Feeds:
Posts
Comments

Posts Tagged ‘panade’

panade

After my last throat-clearing post, I’d wanted to return with something really lovely and inspiring to share with you.

Instead, I have one of the most homely dishes ever to appear in these digital pages.

I’m glad I’m posting it nonetheless for a few reasons. Blogging, like cooking, entails a good deal of putting oneself “out there.” It can be a risky transaction, the self-exposure. G3 has been blessed with gracious readers and commenters (food blogs, like many online spaces, aren’t always so lucky), so I’ve never been terribly afraid of censure from our audience or readers. It’s that I’m typically a harsh self-critic, so posting a picture of something as humble – and homely – as this dish is a good way for me to tell that critic to hush up.

Let me assure you: this dish makes up in flavor what it lacks in beauty. This is oozy, hearty stuff — even a little decadent. Somewhere between onion soup and a casserole, it’s the perfect thing for the wintery weather that’s undeniably upon us here in southeast Michigan. Making this with the last of the Tantre winter share greens, as well as some bits and ends of day-old bread that I’ve been throwing in the freezer for the past months, eases my conscience (I’m not wasting!) and domestic tensions regarding our over-stuffed freezer. Relieving us of a few bags of bread means it’s less likely that we’ll be assaulted by projectile paths of bags of frozen Locavorious produce.

Yep, it makes E happy on a few levels, and that makes me happy.

Onion, Greens, and Gruyere Panade

1 ½ lbs yellow onions, preferably a sweet variety, thinly sliced
About ½ cup olive oil
6 cloves garlic, slivered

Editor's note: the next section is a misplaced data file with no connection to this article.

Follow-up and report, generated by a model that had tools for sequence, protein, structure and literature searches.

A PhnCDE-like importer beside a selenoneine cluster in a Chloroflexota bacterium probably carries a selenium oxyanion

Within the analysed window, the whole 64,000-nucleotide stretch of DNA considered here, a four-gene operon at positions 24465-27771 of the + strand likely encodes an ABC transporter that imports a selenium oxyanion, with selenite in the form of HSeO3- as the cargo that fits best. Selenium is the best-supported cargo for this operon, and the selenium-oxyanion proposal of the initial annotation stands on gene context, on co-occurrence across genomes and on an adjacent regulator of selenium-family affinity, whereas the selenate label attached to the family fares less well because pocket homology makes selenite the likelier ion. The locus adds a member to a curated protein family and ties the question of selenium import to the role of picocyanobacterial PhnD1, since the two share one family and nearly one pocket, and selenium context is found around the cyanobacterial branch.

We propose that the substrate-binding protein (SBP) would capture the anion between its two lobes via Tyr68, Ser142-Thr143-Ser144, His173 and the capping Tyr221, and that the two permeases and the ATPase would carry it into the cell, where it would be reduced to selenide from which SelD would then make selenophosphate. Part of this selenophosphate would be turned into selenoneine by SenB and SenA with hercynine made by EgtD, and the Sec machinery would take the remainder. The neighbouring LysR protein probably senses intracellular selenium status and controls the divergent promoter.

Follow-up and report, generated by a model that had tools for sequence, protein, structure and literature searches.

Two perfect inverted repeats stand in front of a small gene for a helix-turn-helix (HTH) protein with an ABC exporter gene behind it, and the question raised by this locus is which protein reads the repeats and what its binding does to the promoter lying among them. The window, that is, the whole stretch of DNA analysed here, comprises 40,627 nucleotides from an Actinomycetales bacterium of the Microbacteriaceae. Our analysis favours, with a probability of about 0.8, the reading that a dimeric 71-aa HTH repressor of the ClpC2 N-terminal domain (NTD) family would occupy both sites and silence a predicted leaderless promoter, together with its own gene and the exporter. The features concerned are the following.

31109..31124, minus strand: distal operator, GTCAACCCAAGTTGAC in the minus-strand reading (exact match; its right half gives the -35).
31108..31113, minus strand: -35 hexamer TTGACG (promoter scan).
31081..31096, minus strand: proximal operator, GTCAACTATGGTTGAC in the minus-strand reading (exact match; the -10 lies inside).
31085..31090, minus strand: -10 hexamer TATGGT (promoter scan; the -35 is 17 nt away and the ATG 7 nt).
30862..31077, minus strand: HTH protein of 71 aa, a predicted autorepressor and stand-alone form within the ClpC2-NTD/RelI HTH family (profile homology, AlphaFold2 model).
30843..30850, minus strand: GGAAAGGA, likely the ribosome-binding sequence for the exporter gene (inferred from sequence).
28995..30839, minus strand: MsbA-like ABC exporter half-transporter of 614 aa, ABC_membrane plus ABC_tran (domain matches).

Salt
1 lb or so of winter greens – kale or chard are my favorites – cut into 1-inch-wide ribbons
Water
10 ounces day-old chewy artisan bread, cut into rough 1-inch cubes
2 cups chicken broth
About 2 loosely packed cups good-quality Swiss gruyère

Preheat the oven to 325 degrees Fahrenheit.

Cook the onions in lots of olive oil — about 1/4 cup or so. I use my Dutch oven for this, but a deep saucepan would work well. Cook until golden on the edges for about 5 minutes, stirring frequently. Then lower the heat and add the garlic and some salt. Let cook until the onions are a nice amber color, for about 15 mins or so.

Heat a little oil in a large skillet and saute the greens for a few minutes. Sprinkle with salt and stir. Set aside.

Toss and massage the cubed bread with 2 or 3 Tbs olive oil, ¼ cup of the broth, and a few pinches of salt.

Now, I usually assemble the panade in my Dutch oven (the same one I used for the onions, above), but you could use a souffle dish if you like. Start with a good smear of onions, followed by a loose scattering of bread cubes, then a little more onion, some greens, and a handful of cheese. Repeat, continuing until all ingredients are incorporated and the dish is full. Aim for 2 to 3 layers of each component, but don’t fuss over it. This is peasant food, and as I already mentioned, it’s not going to end up pretty.

Pour the remaining broth and water in slowly over the assembled panade, drizzling it down the sides of the dish. The liquid should come up nearly to the top of the layered ingredients.

Set the dish over low heat on the stovetop, and bring its liquid to a simmer. Cover the top of the dish with parchment paper, then with the lid of your Dutch oven or with some foil. Place the panade on a baking sheet in the oven, and bake it until hot and bubbly, about 1 to 1 ½ hours. The top should be pale golden and a bit darker on the edges.

Uncover the panade, raise the oven temperature to 375 degrees, and leave until for another 10-20 minutes, to brown the top a bit. Remove from oven, and allow to sit for a few minutes before serving.

Read Full Post »